Multi-layer foil insulation has an estimated life in excess of 50 years, if not the life of the building, unlike mineral wool which is affected by dust, drafts, pests and moisture and only provides optimum insulation for 10-15 years. This means foil insulation is an extremely ‘green’ option in terms of its product lifecycle carbon footprint. It can easily be reused or recycled if necessary, adding to its useful life.

Multi-layer foil insulation does not rust, rot, corrode or decay and is non-toxic. The enclosed nature of the insulation also means there are no loose, irritant fibres so there is no need for special protective clothing or breathing apparatus when fitting, all of which saves time and money. Foil insulation also reduces dependency on chemical foam products which cause harmful CO2 emissions.

Multi-layer foil insulation provides a very effective barrier against conductive, convective and radiated heat transfer, unlike traditional forms of insulation. Foil’s unique reflective properties not only keep the heat in during winter, it also protects against solar heat gain during the summer which helps to keep the building cool. Foil insulation will therefore save money on heating and air-conditioning costs*.

* To cool a room by 1oC requires ten times more energy that warming it by 1oC. Given the rate of global heating and the need to keep buildings cool in summer, adding an effective heat reflector to your roof represents a sound long-term investment.

what is multi-layer foil insulationHow much space do I need to install it?

Multi-layered foil insulation has an ultra slim profile, which makes it ideal for retrofitting buildings with limited roof space, or where it is desirable to leave original features such as beams or purlins exposed. Independent in-situ tests have shown that foil insulation provides a similar level of insulation as the traditional mineral wool insulation, while occupying less than half the space.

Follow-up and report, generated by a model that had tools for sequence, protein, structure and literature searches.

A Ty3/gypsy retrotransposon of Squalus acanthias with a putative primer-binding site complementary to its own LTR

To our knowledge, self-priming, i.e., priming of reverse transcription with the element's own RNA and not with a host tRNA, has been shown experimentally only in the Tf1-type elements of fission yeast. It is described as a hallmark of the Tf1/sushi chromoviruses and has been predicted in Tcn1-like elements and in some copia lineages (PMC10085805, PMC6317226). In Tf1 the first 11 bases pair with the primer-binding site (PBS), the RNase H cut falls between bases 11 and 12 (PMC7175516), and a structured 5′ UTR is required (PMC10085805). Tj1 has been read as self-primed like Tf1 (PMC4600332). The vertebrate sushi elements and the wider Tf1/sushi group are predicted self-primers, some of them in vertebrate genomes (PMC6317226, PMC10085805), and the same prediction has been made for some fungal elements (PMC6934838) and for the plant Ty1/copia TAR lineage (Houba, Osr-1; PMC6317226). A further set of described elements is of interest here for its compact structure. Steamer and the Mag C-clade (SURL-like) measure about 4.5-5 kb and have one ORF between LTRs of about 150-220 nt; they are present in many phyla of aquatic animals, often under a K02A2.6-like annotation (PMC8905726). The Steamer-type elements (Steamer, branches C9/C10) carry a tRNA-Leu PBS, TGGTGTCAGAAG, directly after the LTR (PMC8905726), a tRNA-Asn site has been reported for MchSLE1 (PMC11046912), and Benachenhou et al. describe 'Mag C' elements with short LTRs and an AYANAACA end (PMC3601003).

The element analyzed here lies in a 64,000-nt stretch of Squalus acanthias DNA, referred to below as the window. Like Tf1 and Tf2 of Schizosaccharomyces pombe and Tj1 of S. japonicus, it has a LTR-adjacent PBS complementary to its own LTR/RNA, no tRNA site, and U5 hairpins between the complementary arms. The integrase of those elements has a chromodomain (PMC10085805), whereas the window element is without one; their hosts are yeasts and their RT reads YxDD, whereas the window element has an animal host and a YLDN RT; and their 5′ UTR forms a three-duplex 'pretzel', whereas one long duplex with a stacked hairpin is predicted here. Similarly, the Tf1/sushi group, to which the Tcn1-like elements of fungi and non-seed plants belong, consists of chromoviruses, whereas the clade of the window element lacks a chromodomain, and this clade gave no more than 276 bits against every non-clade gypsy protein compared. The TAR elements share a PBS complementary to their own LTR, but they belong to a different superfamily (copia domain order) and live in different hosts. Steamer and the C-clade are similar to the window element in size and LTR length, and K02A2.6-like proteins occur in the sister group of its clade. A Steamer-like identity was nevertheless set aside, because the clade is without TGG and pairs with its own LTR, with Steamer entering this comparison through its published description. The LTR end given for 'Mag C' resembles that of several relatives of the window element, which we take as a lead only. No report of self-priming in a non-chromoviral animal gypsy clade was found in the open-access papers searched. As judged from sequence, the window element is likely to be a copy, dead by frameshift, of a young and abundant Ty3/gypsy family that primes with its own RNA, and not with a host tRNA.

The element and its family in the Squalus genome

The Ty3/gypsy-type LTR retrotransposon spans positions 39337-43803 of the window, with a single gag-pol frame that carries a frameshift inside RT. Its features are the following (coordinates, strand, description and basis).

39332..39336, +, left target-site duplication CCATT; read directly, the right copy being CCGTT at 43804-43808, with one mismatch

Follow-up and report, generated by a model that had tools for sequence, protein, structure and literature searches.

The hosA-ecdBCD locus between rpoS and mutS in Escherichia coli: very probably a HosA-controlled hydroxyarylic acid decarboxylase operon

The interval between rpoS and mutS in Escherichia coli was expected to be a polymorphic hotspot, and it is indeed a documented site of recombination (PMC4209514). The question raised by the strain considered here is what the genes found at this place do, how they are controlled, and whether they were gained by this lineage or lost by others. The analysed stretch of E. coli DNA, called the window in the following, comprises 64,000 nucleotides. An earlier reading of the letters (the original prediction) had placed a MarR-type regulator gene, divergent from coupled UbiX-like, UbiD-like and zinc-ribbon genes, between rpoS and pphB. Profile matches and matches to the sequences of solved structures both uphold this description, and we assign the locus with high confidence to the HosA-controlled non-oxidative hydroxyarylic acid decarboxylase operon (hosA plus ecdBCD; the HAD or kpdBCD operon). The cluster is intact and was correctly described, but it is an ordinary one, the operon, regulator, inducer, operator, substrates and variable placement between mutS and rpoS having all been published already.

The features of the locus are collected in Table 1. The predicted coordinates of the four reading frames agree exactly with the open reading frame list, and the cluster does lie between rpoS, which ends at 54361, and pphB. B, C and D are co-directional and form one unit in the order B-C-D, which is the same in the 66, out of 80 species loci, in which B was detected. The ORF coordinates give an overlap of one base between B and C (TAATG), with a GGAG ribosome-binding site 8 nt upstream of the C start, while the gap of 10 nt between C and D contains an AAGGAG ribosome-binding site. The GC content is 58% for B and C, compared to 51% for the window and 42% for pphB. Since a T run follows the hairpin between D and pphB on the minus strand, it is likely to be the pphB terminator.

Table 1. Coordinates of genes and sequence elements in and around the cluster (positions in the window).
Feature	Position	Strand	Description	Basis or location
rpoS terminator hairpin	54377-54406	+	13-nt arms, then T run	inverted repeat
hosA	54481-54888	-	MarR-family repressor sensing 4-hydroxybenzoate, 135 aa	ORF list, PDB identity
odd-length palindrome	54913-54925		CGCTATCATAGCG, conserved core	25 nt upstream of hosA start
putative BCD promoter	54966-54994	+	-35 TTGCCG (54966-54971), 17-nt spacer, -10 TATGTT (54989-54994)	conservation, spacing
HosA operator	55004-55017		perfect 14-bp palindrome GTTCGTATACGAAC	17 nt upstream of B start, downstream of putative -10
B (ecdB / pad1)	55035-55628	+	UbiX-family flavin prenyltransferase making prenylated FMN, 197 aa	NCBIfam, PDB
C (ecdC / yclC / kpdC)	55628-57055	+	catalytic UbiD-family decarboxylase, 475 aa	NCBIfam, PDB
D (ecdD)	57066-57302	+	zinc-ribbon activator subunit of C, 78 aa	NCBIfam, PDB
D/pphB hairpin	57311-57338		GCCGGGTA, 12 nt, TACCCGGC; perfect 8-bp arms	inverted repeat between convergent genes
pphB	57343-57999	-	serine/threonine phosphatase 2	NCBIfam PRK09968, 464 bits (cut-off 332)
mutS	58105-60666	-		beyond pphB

As the Code for Sustainable Homes requires you to add more and more insulation, you can either build a taller roof and thicker walls at the cost of valuable floorspace, or you switch to a slimmer more effective form of insulation.

what is multi-layer foil insulationDoes foil insulation comply with building regulations?

YES, provided it has been tested in an accredited laboratory using the conventional ‘hot box’ test. Such a test will provide a certified ‘R’ value which can be used to calculate the overall ‘U’ value of the entire roof or wall structure.*

The most recent government circular relating to Building Regulations part ‘L’, issued by the Department for Communities & Local Government in June 2009, states “Building Control Bodies (BCBs) and Approved Inspectors are free to make their own judgements about compliance with the regulations”.

To date no local authority has rejected the use of multi-layer foil, although some may require an additional layer of mineral wool or foam board. The safest course of action is to always check with your local BCB before commencing any new development.

* ‘R’ value represents the thermal resistance of individual components. ‘U’ value represents the rate at which heat is lost, and normally refers to the entire structure. For optimum roof insulation for example, you’re looking for the highest possible R value of each roof component, slates, plasterboard or insulation, and the lowest overall U value for the entire roof.